Are Eggs Good For You, or Are They Bad?

Eggs are one of the natural foods that have been demonized by mainstream nutrition in the past few decades, mainly because they have a high amount of saturated fat and cholesterol.

It’s true. A large portion of the calories in eggs are from saturated fat, and they contain a high amount of cholesterol. A large egg contains 2g (23% of calories) of saturated fat, and 212mg of cholesterol (1).

But, as I will explain below, saturated fat is just fine and the cholesterol content in eggs doesn’t matter.
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Are eggs bad for you?

Alright, let’s examine the two reasons eggs have been considered unhealthy in the past.

Eggs are high in cholesterol

It’s true that eggs have a high amount of cholesterol, but the fact is that dietary cholesterol doesn’t have much of an impact on cholesterol levels in the blood.

This has actually been tested rigorously in scientific studies, and indeed they have not found any association between eggs and cardiovascular disease (2, 3, 4).

Eggs are high in saturated fat

A very common misconception regarding health and nutrition is that saturated fat causes heart disease. This is something that has never been proven, and the research actually shows that saturated fat isn’t associated with heart disease in any way (5, 6).


It seems clear that there is no association between egg consumption and heart disease, and the fact that they are high in cholesterol and saturated fat simply does not matter.

The fact is that cholesterol is a substance absolutely vital to human life, and it is contained in vast amounts in every cell in our bodies. Saturated fat is a healthy fuel that has been unfairly demonized by “experts” for no valid reason.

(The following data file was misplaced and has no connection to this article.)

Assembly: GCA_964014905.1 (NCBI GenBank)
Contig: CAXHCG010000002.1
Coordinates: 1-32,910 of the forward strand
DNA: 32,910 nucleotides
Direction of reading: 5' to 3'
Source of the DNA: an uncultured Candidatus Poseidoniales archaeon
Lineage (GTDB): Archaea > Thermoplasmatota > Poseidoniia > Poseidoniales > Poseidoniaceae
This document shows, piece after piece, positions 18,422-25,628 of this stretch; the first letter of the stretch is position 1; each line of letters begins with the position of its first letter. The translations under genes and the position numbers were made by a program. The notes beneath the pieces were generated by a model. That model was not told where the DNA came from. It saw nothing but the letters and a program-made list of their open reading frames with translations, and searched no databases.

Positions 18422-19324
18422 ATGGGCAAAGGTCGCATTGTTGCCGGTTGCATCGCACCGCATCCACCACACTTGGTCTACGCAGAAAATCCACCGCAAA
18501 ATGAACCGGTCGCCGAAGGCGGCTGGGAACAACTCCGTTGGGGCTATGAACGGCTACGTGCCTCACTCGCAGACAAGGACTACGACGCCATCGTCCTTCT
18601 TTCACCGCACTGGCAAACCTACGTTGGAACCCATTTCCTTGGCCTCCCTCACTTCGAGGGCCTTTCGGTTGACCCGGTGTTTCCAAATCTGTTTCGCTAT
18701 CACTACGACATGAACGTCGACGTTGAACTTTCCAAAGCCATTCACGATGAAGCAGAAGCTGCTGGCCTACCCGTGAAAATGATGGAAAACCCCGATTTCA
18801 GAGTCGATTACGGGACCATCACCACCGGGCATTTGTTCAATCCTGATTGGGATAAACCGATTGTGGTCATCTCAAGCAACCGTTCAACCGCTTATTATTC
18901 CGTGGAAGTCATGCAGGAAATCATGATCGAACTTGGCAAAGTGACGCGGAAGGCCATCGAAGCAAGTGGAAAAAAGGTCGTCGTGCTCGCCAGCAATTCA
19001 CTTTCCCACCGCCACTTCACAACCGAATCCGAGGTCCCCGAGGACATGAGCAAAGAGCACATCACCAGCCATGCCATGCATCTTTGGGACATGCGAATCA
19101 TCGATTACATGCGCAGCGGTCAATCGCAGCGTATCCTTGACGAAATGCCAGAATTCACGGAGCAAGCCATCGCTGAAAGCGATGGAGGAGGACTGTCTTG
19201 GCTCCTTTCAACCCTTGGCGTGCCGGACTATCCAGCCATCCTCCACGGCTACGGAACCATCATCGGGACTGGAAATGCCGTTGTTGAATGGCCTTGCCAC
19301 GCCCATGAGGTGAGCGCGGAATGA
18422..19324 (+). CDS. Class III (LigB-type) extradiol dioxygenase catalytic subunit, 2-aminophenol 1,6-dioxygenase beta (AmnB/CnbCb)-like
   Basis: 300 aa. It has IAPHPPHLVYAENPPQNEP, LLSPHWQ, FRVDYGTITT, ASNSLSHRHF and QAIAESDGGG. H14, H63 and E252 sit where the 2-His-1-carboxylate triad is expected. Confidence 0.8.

Are eggs good for you?

One of the things I noticed back in my calorie counting days, was how incredibly nutritious eggs were despite being low in calories.

I used to have 3-4 whole eggs per day (and I still do) and they were always by far my biggest source of vitamins and minerals for the day. This is because the egg is a powerhouse of nutrients, and contains the building blocks necessary to turn a single fertilized chicken cell into a multicellular baby chicken.

High quality protein

The egg white contains a large amount of animal protein with extremely high bio availability. That is, the amino acids in them come in ratios that are easily used by humans.

Vitamins and Minerals

If you take a look at the nutrient profile for eggs, you will see that they are rich in Vitamin A, Vitamin E, Vitamins B1 (Thiamin), B2 (Riboflavin), B5 (Pantothenic Acid), B6 (Pyridoxine), B12 and Folic Acid. They are also abundant in the minerals Calcium, Iron, Phosphorus, Zinc and Selenium.

Other nutrients

Additionally, eggs are rich in a nutrient called Choline, which is not yet considered an essential nutrient but has many health benefits.

Eggs are also very rich in the carotenoid antioxidants Lutein and Zeaxanthin, which have a protective effect on the eyes, among other things.

Glucose, Insulin and Satiety

Eggs contain almost no carbohydrates, so their effect on blood glucose levels, and their subsequent effect on insulin, are very small.

They are also high on the Satiety Score, an indicator of how much particular foods lead to fullness and appetite. For these reasons, eggs may be considered a great food for weight loss.


When you consider the fact that egg consumption has no effect on cardiovascular disease whatsoever, what remains is the fact that eggs are one of the most nutritious foods on the planet.

They are low in calories, low in carbs, have a profound effect on satiety and could therefore be considered the perfect weight loss food.

They are cheap, easy to acquire, very easy to cook, and to top it off they taste fantastic and can be used in all sorts of recipes and dishes.

Personally I eat Omega-3 enriched eggs, which do have a better nutrient profile than conventional supermarket eggs. If you can get those, then that will probably be optimal.

I eat about 3-4 of those every single day, with coconut oil and a bit of vegetables, and this is usually the healthiest meal I have for the day, and keeps me comfortably full for the next 3-4 hours.

If I could only pick 3 foods to eat for the rest of my life, eggs would be one of them.

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  1. Johnny Palmer says: